from their seats,
and exalted the humble and meek.
He has filled the hungry with good things,
and sent the rich empty away.

Remembering his mercy
he has helped his servant Israel,
as he promised to our forebears,
to Abraham and his children for ever.

Remembering his mercy;
remembering his promise.

Glory, glory glory to the Father;
Glory, glory glory to the Son;
Glory, glory glory to the Holy Spirit.

As it was in the beginning is now,
and ever shall be, Amen.

Nunc dimittis

Lord, now lettest thou thy servant
depart in peace according to thy word.

For mine eyes have seen thy salvation,
which thou hast prepared
before the face of all people
to be a light to lighten the Gentiles
and to be the glory of thy people Israel.

Glory be to the Father and to the Son,
and to the Holy Ghost,
as it was in the beginning
is now and ever shall be,
world without end. Amen.

Largely taken from Psalm 27.
For Monty and Hilary on their last Sunday at Onslow Anglicans, 3 February 2013

The Lord will be your light
and your salvation:
whom then shall you fear?
The Lord will be a stronghold
in your time of trial,
a shelter in the storm.

He has called you forth
and he will bring you safely home,
bring you safely home.

The Lord will keep beside you
as you journey, wherever you go,
and he will never
turn away his face from you,
the child he has made.

And you shall dwell
forever in his presence,
within his courts,
and you will see the beauty of his holiness
and look upon his face.




Jonathan Berkahn: piano, accordion
Bernard Wells: acoustic guitar, electric guitar, flute
Adam Meers: electric guitar
Vorn Colgan: bass
Reuben Jelleyman: percussion
Thomas Nikora: piano
Oscar West: fiddle (10, 15, 17, 18)
Nobuko Komatsu: violin (19)
Kim New: violin (19)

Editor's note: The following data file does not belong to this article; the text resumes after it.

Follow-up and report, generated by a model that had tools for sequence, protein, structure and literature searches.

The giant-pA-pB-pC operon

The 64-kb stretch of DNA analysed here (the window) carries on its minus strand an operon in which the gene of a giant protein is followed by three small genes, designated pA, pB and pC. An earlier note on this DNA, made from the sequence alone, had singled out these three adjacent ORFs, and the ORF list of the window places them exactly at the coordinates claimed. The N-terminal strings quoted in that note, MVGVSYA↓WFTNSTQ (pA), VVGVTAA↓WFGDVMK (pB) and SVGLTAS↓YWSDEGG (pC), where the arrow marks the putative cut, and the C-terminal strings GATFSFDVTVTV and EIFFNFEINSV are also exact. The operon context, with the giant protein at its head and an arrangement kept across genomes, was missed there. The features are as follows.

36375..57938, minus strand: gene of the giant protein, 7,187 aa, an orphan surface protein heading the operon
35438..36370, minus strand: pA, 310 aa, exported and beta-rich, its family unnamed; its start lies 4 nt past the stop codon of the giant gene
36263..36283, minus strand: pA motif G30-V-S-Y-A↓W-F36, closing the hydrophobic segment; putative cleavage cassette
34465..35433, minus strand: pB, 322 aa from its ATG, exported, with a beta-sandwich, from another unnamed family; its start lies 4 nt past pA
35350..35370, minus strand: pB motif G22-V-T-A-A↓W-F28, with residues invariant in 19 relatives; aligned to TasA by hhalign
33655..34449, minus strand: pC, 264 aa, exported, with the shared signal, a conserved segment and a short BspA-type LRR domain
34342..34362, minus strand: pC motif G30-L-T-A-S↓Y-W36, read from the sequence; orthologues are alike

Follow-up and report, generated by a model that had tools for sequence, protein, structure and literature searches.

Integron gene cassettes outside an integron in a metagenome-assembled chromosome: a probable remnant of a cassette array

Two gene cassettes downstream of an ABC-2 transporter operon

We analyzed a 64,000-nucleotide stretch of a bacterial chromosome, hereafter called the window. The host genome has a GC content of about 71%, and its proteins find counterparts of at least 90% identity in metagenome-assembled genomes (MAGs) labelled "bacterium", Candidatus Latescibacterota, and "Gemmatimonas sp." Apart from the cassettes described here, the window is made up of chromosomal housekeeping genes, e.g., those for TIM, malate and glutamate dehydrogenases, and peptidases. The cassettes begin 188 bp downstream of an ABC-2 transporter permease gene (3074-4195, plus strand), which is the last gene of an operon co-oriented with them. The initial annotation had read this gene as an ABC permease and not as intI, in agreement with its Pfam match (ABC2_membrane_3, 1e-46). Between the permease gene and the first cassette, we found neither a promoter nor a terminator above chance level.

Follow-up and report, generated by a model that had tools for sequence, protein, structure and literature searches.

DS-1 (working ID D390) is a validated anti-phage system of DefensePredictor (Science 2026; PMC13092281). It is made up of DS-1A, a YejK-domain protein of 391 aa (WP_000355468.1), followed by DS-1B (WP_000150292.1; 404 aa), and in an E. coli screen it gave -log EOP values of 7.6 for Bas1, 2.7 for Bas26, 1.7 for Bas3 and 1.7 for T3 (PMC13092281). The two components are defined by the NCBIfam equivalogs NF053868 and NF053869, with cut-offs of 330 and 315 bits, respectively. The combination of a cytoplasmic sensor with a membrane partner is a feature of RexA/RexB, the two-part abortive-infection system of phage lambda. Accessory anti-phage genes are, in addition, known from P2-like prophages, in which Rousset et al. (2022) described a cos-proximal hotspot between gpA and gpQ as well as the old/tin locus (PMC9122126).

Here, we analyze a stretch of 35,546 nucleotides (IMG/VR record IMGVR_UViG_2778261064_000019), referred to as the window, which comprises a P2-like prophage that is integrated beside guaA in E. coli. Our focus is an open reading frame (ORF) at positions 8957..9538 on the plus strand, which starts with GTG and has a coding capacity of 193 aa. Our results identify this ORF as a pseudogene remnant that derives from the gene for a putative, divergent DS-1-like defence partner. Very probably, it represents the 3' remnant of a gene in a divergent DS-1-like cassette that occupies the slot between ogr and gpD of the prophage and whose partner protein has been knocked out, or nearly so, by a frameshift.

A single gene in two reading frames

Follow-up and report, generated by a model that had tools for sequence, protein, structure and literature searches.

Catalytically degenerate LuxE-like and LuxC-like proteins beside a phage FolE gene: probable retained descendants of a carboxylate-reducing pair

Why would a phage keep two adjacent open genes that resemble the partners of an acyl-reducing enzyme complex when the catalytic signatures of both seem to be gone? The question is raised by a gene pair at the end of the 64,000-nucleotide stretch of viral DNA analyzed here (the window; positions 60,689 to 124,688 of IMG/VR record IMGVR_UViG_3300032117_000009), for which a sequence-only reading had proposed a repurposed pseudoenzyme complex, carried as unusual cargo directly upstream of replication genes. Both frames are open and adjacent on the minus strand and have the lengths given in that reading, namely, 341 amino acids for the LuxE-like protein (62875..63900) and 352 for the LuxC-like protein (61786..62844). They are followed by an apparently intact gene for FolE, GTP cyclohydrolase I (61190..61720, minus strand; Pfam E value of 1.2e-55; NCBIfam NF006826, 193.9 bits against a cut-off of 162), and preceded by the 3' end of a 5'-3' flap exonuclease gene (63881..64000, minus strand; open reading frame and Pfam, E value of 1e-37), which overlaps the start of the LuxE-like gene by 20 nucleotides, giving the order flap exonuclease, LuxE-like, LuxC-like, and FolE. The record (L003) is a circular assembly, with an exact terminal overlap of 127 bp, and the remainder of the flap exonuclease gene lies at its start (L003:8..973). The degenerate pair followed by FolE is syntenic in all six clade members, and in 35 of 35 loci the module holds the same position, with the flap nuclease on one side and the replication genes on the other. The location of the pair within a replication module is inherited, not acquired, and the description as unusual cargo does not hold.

Megan Ward: viola (19), recorder (4)
Hajime Komatsu: cello (1, 19)
Samuel Berkahn: cello (1)
Karen Espersen: recorder (4)
Brenda Vale: recorder (4)

Sharon Yearsley: Soprano (20, 21)
Lydia McDonnell : Soprano (4, 14)
Nino Raphael: Bass (5, Jesus: 15,16)
Luka Venter: Tenor (Judas: 9)
Joe Fecteau: Tenor (Thomas: 15)



Katrina Brougham
Heather Garside
Sylvia Gentry
Barbara Gillon
Rozie Gorman
Diana Helen
Carol Inge
Emma Kaloay
Anne Keen
Ailsa Lipscombe
Lydia McDonnell
Grace McIntyre
Kim New
Pam Southey
Christine Taylor
Brenda Vale
Sharon Yearsley


Rosemary Biss
Heather Collins
Heather Easting
Karen Espersen
Adrienne Leuchars
Wendy Nelson
Margaret Pearson
Ingrid Schoenfeld
Margaret Seconi
Irene Swadling
Rita Urry
Megan Ward


Samuel Berkahn
Joe Fecteau
Paul Kilford
Hajime Komatsu
Nathan Parry
Alan Spinks


Dion Church
Alexander Garside
Philip Garside
Bill Gebbie
Ian Livingstone
Brian Patchett
Chris Watson


Musical Director and Producer: Jonathan Berkahn
Recording and Mastering: Phil Riley

CD Cover and Insert photographs: Alexander Garside – Garside Imaging
Cover photo location: Otari-Wilton’s Bush, Wellington
CD Booklet photographs: Bernard Wells
CD Cover/Booklet/Insert Design: Philip Garside

CD Production & Duplication: AMStore Ltd, Wellington

Recorded at:
Island Bay Presbyterian Church, Wellington: 4, 5 &19 September 2015, and Life of Riley Studio: 11, 21 & 30 September, 7 October

© Copyright 2015 Festivity Productions Ltd